Zoom Binoculars work on the same principle as regular binoculars except that the power can be adjusted to give you varying ranges of magnification. For example, a binocular that is listed as 10-22x50mm means the zoom portion is capable of viewing at 10x power minimum and can be adjusted up to 22x power and the 50mm would be the objective lens size ( the larger lenses at the opposite end of the binocular ). When considering zoom binoculars remember that a larger objective lens would fair better giving you the greatest amount of light gathering, however they will be bigger and heaver also.

Binoculars are built around a frame that houses the two telescopes and is generally hinged to allow for adjustment for each individual viewer. Some binoculars are perma focus and never need adjustment, just pick up and use them. While others have a focusing wheel in the center to allow for manual focusing and a greater degree of fine tuning for sharper images. Some models also offer focusing systems on each eye piece and once adjusted they are set for that viewer. Separate focusing of each eyepiece ( known as Diopter Control ) is also available in some types of binoculars, which allows for additional precision.

You will find most Marine & Boating Binoculars are rated 7 x 50. This is because of the uneven surface the user is operating in. Bouncing around on a boat a magnification higher than 7 would result in a blurred image. The best marine binoculars are 7 * 50.

 

Field of View

Field of View is expressed in feet and is the amount of the horizon you are seeing through the image. Typically the field of view is expressed in feet at 1,000 yards. Field of View can also be angular, typically 5 to 11 degrees for Binoculars.

Popular Steiner Binocular Specifications    
7 x 50 Item no 395.
Weight: 39oz
Field of view: 390 feet @ 1000 yards
Eye relief: 22mm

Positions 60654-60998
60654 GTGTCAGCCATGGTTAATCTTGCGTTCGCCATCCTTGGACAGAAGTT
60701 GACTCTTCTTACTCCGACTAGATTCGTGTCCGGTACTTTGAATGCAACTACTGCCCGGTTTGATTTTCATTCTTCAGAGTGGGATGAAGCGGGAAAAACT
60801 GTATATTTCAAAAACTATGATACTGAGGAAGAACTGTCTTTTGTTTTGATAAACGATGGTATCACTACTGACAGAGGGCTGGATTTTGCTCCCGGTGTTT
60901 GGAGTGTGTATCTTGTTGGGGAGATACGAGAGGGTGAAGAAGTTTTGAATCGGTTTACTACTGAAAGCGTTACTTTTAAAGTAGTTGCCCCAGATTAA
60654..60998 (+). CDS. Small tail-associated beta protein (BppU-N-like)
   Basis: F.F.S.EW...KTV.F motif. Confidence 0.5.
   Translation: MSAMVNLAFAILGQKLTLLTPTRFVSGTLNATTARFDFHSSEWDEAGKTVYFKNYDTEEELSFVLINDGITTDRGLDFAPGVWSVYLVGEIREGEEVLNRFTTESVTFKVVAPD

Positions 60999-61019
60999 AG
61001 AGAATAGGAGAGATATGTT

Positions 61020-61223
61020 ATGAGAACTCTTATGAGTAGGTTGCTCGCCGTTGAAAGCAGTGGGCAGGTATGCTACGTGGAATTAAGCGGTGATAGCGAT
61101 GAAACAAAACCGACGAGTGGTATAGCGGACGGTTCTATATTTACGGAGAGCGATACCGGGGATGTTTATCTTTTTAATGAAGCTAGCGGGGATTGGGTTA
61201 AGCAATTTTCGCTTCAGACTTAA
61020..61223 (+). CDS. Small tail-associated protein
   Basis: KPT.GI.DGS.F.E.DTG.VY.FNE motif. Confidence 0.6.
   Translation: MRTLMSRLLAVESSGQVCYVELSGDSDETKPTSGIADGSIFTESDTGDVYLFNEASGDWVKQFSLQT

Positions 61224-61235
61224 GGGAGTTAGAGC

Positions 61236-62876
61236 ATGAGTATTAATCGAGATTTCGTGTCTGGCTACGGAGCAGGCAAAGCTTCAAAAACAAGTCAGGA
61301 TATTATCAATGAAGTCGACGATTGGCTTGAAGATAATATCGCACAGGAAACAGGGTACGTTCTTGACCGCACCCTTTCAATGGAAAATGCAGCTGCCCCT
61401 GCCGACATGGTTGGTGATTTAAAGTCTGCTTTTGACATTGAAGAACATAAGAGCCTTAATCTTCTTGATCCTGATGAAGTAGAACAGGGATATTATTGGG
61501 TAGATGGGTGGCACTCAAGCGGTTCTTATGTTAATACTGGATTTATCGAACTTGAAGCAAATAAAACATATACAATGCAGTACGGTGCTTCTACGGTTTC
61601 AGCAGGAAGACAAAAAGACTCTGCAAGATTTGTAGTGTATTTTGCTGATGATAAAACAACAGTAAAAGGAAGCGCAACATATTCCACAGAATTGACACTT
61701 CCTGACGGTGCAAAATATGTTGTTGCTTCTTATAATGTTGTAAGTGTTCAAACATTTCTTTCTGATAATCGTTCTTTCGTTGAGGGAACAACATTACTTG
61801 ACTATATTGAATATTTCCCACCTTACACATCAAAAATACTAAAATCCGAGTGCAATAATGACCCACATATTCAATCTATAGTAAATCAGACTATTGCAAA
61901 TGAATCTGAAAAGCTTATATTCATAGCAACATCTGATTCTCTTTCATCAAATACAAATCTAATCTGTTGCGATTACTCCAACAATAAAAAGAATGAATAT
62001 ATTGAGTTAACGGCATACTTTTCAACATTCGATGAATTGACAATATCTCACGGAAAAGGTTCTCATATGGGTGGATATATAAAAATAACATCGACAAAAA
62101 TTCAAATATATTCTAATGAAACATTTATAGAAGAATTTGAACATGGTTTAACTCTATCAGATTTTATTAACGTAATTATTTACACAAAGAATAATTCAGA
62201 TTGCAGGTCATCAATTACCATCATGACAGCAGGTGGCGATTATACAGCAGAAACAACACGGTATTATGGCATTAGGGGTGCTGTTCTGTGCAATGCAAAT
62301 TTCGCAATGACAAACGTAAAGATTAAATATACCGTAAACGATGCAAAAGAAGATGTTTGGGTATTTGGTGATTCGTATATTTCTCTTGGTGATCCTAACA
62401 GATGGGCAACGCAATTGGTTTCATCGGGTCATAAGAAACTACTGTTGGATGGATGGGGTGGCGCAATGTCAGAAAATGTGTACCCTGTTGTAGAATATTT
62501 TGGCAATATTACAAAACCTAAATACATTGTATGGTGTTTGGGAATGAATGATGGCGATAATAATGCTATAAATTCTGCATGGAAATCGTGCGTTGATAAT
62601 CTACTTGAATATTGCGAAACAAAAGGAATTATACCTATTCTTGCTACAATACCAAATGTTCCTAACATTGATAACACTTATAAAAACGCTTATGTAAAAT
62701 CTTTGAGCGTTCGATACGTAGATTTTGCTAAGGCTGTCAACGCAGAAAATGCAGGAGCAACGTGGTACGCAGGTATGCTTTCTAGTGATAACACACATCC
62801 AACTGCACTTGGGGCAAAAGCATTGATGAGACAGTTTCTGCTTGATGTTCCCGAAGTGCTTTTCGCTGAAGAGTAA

Dimensions: (inches) 5.2L x 8.2W x 3.6H

 

Prism Types

Prisms are used to condense the viewed image for maximum magnification in a short space. Prisms recreate an image of the original that is much purer than any image you would get from mirrors or multiple lenses which could magnify the image in a shorter distance. The resulting distortion would render the image impractical.

There are two kinds of prisms used in binoculars: roof prisms and Porro prisms. You can tell which type of prism is used from the shape of the binoculars.

Just-Binoculars Prism diagram

Porro Prism Binoculars with Porro prisms have a jog in the light path that results in the eyepiece being much smaller than the barrel of the binoculars, as seen in this diagram:

Roof Prism

Roof prisms result in an exterior design of the binoculars that is more like two straight tubes. The roof prism design was perfected in the 1960s; binoculars with this design are compact and easier to hold. For a while after their introduction, roof prism binoculars required much greater optical precision, so they cost more to manufacture. The Porro prism rendered better contrast and was still favored by purists for a long time after the advent of the roof prism. The technology of roof prisms has improved greatly since their debut, which makes newer models a better value.

BAK-4 prism